Primary Resource

"To Atlas" by St. George Tucker (June 5, 1793)

In "To Atlas," published in the National Gazette in Philadelphia on June 5, 1793, St. George Tucker satires Alexander Hamilton, then the U.S. secretary of the treasury. Tucker's poem was the second in a series of fourteen poems known as "The Probationary Odes of Jonathan Pindar, Esq." that skewered Federalist politicians.

Transcription from Original

Jonathan, turned Speculator, in behalf of the whole corps addresseth their great benefactor and patron.

  • Ingreditor folo, et caput inter nubile condit,
  • Virg.
  • —Nunquam dimoveas!
  • Hor.
  • Whilst you, great Atlas! prop the State,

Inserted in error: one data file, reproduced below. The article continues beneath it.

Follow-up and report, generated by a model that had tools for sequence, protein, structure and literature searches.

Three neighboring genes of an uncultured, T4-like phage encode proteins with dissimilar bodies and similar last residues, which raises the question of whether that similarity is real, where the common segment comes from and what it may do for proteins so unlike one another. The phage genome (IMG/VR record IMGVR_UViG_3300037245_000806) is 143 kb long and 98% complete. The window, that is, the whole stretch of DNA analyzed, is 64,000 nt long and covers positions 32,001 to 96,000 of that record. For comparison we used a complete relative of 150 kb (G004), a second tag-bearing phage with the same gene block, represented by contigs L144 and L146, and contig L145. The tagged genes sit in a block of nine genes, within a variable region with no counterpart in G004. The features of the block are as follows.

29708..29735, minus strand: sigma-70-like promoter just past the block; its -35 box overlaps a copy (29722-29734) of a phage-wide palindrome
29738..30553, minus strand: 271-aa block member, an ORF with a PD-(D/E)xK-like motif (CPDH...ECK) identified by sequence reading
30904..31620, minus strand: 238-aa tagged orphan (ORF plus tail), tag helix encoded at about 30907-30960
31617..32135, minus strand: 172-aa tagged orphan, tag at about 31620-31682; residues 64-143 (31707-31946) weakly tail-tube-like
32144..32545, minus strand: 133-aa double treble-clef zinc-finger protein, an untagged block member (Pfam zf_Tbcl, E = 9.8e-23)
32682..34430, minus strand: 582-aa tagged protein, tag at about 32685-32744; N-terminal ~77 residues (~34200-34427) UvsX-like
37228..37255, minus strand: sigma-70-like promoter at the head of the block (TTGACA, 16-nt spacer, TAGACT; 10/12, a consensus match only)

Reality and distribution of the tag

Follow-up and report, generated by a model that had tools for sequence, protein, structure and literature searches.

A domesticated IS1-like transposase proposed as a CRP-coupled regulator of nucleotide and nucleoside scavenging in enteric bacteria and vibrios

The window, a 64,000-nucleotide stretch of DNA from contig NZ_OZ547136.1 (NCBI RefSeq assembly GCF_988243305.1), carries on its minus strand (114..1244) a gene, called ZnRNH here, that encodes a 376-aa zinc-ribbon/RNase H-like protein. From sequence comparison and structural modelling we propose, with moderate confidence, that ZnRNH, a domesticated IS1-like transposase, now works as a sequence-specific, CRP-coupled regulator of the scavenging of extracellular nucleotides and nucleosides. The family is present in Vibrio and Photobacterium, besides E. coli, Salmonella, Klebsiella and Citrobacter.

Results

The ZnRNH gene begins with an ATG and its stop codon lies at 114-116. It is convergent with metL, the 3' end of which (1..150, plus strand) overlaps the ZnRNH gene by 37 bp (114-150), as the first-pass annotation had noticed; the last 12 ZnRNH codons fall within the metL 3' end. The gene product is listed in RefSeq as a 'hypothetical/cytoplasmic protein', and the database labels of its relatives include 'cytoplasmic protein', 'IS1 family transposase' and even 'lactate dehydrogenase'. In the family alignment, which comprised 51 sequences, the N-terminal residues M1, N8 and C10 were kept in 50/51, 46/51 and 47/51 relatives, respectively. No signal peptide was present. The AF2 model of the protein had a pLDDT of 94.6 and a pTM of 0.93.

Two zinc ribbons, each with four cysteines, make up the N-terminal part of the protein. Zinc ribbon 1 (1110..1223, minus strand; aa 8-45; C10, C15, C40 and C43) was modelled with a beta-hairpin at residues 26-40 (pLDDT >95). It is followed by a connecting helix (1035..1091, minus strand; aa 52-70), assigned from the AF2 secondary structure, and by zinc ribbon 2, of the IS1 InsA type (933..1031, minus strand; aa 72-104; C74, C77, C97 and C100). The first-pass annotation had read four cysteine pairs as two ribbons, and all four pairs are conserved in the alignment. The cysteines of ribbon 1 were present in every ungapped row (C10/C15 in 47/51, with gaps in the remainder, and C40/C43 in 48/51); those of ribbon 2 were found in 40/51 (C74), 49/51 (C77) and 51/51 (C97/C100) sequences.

• Nor totter underneath a weight,
  • That would a giant crush;
  • Let pigmy wights, in Congress Hall,
  • Set sparrow traps to work your fall,
  • Regard them not a rush!
  • A lion should a spaniel bay,
  • The king of beasts would keep his way
  • Nor heed the babbler's throat;
  • Then deign not, Atlas, to look down
  • Or punish with a single frown
  • The angry snarler's note.
  • Whilst on your paper throne you sit
  • With solid gold beneath your feet
  • Fear not a regicide!
  • Your faithful Janizaries all
  • Shall muster thick in Congress Hall
  • To guard their leader's side.
  • Go on, great chief, to make us all,
  • Not from your shoulders cast the ball,
  • Lest we, like worms, should drop,
  • Who on a golden pippin prey,
  • Till haply on some stormy day
  • 'Tis shaken from the top.